An even better candidate is an owner of an incontestable U.S. trademark registration. Incontestable status of a U.S. trademark registration can be achieved if the owner of the registration files an affidavit or declaration stating that the mark has been in continuous use in commerce for a period of five years after the date of registration, which is a made through the Declaration of Incontestability of a Mark under Section 15, 15 U.S.C. § 1065. Under Section 33(b) of the Trademark Act, 15 U.S.C. § 1115(b), if the right to use the mark has become incontestable under Section 15, then the registration is conclusive evidence of the validity of the registered mark and its registration, of the registrant’s ownership of the mark and of the owner’s exclusive right to use the registered mark in commerce, subject to certain defenses and exceptions. (TMEP §1605.)

The ideal candidate’s U.S. trademark registration also covers a good or service that is simply described, such as “beer” or “guitars.” This will help ensure that WIPO does not issue a Notice of Irregularity with regard to the goods and services in the IR filing.

When a U.S. Trademark Owner Should Consider a National Filing Rather Than an IR
Not every trademark is an ideal candidate for an IR filing. In view of the fact that the IR is dependent on the U.S. filing for five years, basing an IR on a pending U.S. trademark application can be risky. If the U.S. trademark application is refused registration based upon a likelihood of confusion with an earlier-filed mark, and the trademark owner will not be able to overcome the refusal, an IR filing should not be made based upon that U.S. trademark application. Similarly, if a U.S. trademark owner is concerned that its U.S. trademark application may be successfully opposed by a third party, an IR filing should not be based upon that U.S. trademark application. If a U.S. trademark application that is the basis of an IR is abandoned, either in the examination stage or the opposition period, the corresponding IR would be canceled and the IR would have to be transformed to national trademark filings within three months from the IR cancellation. (Madrid Protocol Article 9quinquies and TMEP § 1902.10.) The transformation process may be a lengthy and expensive process, which could have been avoided if national filings were made rather than a risky IR filing.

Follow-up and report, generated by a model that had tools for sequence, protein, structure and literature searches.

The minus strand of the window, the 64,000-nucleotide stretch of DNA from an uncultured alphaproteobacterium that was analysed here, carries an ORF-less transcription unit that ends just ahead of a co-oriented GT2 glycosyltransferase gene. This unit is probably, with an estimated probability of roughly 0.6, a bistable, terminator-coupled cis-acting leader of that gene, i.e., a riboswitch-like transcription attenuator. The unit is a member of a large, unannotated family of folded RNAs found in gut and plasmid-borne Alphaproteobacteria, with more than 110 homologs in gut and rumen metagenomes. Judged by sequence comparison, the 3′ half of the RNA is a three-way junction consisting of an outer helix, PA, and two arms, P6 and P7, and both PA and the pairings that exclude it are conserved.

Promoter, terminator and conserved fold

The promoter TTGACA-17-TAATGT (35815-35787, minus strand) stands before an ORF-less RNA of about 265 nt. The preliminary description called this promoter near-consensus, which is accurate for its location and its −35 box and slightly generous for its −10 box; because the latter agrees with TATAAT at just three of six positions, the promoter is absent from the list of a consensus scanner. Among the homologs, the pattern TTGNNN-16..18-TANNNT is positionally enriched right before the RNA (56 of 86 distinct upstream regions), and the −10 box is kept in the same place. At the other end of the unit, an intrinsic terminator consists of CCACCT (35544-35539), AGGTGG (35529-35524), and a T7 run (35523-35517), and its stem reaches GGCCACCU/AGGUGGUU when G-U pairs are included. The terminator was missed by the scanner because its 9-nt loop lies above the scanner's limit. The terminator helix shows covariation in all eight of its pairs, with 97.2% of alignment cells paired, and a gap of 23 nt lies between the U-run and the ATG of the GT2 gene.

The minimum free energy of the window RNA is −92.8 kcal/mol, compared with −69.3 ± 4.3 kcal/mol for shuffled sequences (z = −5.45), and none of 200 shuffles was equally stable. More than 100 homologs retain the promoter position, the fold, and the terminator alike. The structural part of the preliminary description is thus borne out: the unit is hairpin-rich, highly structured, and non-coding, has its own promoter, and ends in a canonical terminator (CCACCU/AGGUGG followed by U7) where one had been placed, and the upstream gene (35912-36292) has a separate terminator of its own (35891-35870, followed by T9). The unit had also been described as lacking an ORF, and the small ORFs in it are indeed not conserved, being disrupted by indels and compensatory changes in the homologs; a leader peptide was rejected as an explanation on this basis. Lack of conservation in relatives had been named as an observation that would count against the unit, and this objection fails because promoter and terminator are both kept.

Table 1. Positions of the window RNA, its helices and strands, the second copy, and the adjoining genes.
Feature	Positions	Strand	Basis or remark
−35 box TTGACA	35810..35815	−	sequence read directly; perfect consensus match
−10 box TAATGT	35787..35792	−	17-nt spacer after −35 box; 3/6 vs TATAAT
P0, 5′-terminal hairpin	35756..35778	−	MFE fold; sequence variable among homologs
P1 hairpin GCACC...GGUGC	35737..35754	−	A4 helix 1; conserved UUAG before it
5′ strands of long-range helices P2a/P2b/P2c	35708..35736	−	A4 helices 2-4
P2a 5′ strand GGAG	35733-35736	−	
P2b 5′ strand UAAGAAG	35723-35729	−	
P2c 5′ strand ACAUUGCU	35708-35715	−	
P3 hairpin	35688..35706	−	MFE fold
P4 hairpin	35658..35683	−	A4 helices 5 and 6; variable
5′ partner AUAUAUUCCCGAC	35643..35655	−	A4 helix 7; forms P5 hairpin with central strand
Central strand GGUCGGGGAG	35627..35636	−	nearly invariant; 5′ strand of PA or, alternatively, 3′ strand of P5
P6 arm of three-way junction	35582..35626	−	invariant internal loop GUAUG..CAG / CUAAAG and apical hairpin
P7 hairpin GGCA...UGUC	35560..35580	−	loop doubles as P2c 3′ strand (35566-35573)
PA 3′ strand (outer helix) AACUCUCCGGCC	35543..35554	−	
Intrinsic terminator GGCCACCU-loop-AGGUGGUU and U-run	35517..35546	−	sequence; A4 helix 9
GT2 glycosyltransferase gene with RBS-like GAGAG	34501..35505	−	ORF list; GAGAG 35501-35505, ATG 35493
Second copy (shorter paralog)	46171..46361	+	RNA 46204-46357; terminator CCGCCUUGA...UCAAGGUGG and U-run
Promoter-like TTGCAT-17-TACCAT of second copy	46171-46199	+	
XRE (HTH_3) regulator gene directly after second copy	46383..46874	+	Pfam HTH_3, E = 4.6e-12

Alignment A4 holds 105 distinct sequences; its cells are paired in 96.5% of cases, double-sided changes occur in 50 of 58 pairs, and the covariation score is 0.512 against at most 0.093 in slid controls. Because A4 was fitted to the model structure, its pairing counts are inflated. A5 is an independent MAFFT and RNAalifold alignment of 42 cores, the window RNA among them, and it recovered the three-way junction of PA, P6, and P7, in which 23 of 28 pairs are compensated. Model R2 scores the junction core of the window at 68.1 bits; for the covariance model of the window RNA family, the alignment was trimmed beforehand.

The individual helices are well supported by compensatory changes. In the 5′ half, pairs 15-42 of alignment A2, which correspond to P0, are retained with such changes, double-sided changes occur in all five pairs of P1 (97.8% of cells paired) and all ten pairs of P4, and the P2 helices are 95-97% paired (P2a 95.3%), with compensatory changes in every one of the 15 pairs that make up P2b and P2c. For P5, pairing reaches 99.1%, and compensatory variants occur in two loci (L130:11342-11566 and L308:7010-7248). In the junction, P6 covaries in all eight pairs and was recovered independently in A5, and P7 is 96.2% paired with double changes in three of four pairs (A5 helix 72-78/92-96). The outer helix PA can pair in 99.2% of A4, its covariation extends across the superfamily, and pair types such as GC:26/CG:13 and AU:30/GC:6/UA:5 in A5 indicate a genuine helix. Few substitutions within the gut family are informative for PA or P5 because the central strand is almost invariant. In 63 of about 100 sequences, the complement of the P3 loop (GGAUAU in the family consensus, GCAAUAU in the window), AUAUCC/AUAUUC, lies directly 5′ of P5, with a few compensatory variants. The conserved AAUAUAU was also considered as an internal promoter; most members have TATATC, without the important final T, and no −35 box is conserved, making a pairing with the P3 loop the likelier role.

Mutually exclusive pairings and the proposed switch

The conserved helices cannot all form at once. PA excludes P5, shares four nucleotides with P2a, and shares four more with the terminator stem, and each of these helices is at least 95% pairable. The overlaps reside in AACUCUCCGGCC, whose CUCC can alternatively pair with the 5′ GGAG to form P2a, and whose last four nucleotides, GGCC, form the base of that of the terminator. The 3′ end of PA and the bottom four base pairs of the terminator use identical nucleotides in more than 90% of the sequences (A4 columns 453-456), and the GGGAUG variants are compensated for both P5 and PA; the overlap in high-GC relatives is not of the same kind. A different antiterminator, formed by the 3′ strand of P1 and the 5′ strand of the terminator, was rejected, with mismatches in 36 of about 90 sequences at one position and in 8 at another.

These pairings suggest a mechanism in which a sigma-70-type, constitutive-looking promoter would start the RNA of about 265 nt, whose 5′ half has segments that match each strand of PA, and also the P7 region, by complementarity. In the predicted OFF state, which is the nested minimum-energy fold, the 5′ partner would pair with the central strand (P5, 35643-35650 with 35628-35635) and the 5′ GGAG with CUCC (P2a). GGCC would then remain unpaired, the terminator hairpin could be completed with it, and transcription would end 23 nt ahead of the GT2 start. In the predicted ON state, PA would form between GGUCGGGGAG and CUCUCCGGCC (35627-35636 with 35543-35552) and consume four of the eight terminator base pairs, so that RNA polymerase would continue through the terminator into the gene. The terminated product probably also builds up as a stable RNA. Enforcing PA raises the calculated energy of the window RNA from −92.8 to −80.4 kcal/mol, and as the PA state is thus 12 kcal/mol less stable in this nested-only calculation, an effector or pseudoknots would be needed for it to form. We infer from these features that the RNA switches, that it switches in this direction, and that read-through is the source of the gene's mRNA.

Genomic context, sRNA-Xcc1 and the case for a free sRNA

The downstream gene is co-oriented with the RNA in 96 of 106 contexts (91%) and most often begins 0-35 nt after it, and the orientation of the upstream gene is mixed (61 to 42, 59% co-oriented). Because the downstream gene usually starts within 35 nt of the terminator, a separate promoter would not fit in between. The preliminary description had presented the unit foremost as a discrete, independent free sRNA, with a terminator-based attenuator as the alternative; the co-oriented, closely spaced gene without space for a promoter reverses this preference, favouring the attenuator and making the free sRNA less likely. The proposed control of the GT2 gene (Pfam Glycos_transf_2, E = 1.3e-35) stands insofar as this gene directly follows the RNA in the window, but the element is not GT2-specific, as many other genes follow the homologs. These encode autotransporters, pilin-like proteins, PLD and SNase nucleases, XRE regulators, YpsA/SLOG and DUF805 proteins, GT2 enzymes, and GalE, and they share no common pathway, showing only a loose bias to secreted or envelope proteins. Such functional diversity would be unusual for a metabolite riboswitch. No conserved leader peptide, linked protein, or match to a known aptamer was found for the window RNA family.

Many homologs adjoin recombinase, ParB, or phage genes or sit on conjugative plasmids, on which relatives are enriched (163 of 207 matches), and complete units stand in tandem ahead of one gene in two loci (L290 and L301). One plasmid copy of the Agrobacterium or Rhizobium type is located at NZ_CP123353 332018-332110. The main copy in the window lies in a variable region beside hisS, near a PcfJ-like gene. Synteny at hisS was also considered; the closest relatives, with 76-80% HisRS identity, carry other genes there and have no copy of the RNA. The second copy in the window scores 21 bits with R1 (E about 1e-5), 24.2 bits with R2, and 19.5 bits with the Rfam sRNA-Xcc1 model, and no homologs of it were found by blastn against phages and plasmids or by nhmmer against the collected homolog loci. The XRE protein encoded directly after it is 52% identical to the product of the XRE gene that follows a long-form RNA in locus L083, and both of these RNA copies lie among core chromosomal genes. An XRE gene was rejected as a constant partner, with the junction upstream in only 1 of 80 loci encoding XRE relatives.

Even if a U.S. trademark filing is not expected to encounter registrability problems, there are other reasons why an IR filing may not be the best choice for a U.S. trademark owner. Owners of IR filings which only designate one or two countries may not realize significant cost savings because of the additional basic fee and USPTO Certification fee that must be paid with the IR filing, which would not be incurred in national filings in just one or two countries.

If U.S. trademark owners want their international portfolio filings to have broader goods and services coverage than their U.S. filing, including filing for class headings in jurisdictions where such filings are allowed, an IR filing is not recommended. (TMEP § 1402.07(a).) Furthermore, in jurisdictions that recognize subclasses of goods and services, such as Japan and China, IR filings cannot designate specific subclasses in these jurisdictions, as IR filings follow the Nice Classification. (Madrid Protocol Article 3.) If a U.S. trademark owner wishes to have its trademark filing cover certain subclasses, a national filing must be made with the local trademark office.